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|Title:||Polymer microfluidic devices : thermo-mechanical properties||Authors:||Ng, Albert Han Cai.||Keywords:||DRNTU::Engineering::Materials::Organic/Polymer electronics||Issue Date:||2009||Abstract:||Microfluidics devices are of increasing importance as a platform for life sciences. With recent successes in lab-on-chips research, it will be brilliant if these Microfluidics devices could be manufactured using polymers. Using economical materials like polymers, the cost of producing these chips can greatly reduce, thus ensuing prompt detection of infectious diseases if these chips can be made accessible to the public, instead of the traditional method of sending blood sample to be tested in the laboratory compression rate. Cyclic Olefin Copolymer (TOPAS®) with its excellent chemical resistance property has been a polymer of interest in these recent years. TOPAS®, a relatively new material, with not many research been done on how this polymer’s properties changes when subject to different compression rate and temperature changes. For this project hot embossing technique is the area of interest for imprinting the microfluidics designs on the chips, compressive material testing was conducted to match the experiment closer to the manufacturing procedure. In this report the thermo-mechanical properties of amorphous thermoplastic polymers Cyclic Olefin Copolymer (TOPAS®) were studied by subjecting TOPAS® specimen of grade 8007 to a compression test at a controlled temperature environment between room temperature to 100°C and also at various engineering strain rate of 10-2/s, 10-3/s, 10-4/s and 3x10-4/s. Although this was a preliminary study, it revealed that experiments conducted was not able to achieve constant true strain rate condition with the equipment provided and readings taken without the extensometer does not show distinct strain hardening effects of the polymer at large strains. A preliminary study of comparing the effects of using Teflon sheet, Teflon spray and silicon spray (placed or sprayed between the surfaces of the specimen and the load platen) were also been scrutinized to observe if an improved result was produced. These materials were used to reduce the barreling effect in the compression experiment, hence to improve the result generated. Through the findings gathered, experiment could be designed to approximate the mechanical properties of TOPAS® by using the least square method to best fit the non linear strain rate into a linear procession of strain verse time.||URI:||http://hdl.handle.net/10356/17184||Rights:||Nanyang Technological University||Fulltext Permission:||restricted||Fulltext Availability:||With Fulltext|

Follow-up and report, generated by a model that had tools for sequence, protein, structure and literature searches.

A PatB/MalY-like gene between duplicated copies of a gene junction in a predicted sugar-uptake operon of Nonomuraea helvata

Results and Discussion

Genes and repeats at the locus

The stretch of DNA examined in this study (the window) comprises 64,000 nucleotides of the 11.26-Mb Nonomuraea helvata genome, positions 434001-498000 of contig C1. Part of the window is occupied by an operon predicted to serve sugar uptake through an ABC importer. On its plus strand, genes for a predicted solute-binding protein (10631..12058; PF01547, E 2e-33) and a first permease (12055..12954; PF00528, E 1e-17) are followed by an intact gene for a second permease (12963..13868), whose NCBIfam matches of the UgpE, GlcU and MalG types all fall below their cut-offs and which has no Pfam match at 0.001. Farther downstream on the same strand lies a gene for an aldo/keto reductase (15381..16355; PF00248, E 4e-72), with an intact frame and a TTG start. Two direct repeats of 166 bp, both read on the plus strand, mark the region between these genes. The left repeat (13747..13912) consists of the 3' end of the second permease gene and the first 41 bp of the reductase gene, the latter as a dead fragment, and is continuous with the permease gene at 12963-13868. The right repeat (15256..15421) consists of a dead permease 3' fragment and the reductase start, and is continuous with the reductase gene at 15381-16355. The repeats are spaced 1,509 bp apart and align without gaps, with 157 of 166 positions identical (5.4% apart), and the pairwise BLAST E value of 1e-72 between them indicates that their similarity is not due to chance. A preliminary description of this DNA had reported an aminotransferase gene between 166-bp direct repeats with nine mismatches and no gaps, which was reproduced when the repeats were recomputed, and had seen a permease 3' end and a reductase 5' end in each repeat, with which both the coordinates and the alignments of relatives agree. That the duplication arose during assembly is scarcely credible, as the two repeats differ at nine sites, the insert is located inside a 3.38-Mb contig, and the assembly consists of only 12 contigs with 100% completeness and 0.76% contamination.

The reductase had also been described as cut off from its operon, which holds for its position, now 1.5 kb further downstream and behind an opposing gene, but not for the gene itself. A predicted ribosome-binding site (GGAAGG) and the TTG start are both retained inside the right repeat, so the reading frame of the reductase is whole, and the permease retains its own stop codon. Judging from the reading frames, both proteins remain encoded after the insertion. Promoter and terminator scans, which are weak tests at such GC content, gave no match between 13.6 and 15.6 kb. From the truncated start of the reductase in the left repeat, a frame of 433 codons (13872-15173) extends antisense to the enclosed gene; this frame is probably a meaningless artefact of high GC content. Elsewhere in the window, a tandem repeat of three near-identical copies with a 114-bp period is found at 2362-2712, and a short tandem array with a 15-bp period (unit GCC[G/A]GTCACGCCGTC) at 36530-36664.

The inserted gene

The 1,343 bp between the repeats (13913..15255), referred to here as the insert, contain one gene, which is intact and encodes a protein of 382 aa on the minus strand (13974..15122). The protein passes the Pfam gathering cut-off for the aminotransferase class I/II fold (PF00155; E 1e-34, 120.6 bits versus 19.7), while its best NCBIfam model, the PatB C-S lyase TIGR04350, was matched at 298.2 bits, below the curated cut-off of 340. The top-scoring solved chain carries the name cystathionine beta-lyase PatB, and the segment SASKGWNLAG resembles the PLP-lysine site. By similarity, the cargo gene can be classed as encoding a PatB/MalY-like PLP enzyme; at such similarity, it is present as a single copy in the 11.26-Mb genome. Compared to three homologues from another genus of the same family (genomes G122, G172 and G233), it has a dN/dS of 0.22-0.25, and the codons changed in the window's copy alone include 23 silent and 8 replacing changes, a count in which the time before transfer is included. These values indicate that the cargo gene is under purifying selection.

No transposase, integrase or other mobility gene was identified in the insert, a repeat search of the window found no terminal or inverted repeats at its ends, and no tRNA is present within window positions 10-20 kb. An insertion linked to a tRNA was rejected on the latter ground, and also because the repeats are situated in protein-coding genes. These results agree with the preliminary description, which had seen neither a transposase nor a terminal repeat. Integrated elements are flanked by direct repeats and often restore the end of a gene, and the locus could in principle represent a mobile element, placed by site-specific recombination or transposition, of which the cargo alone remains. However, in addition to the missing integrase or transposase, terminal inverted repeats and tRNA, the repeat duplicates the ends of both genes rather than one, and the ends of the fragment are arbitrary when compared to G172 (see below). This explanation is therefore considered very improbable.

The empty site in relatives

|Appears in Collections:||MAE Student Reports (FYP/IA/PA/PI)|
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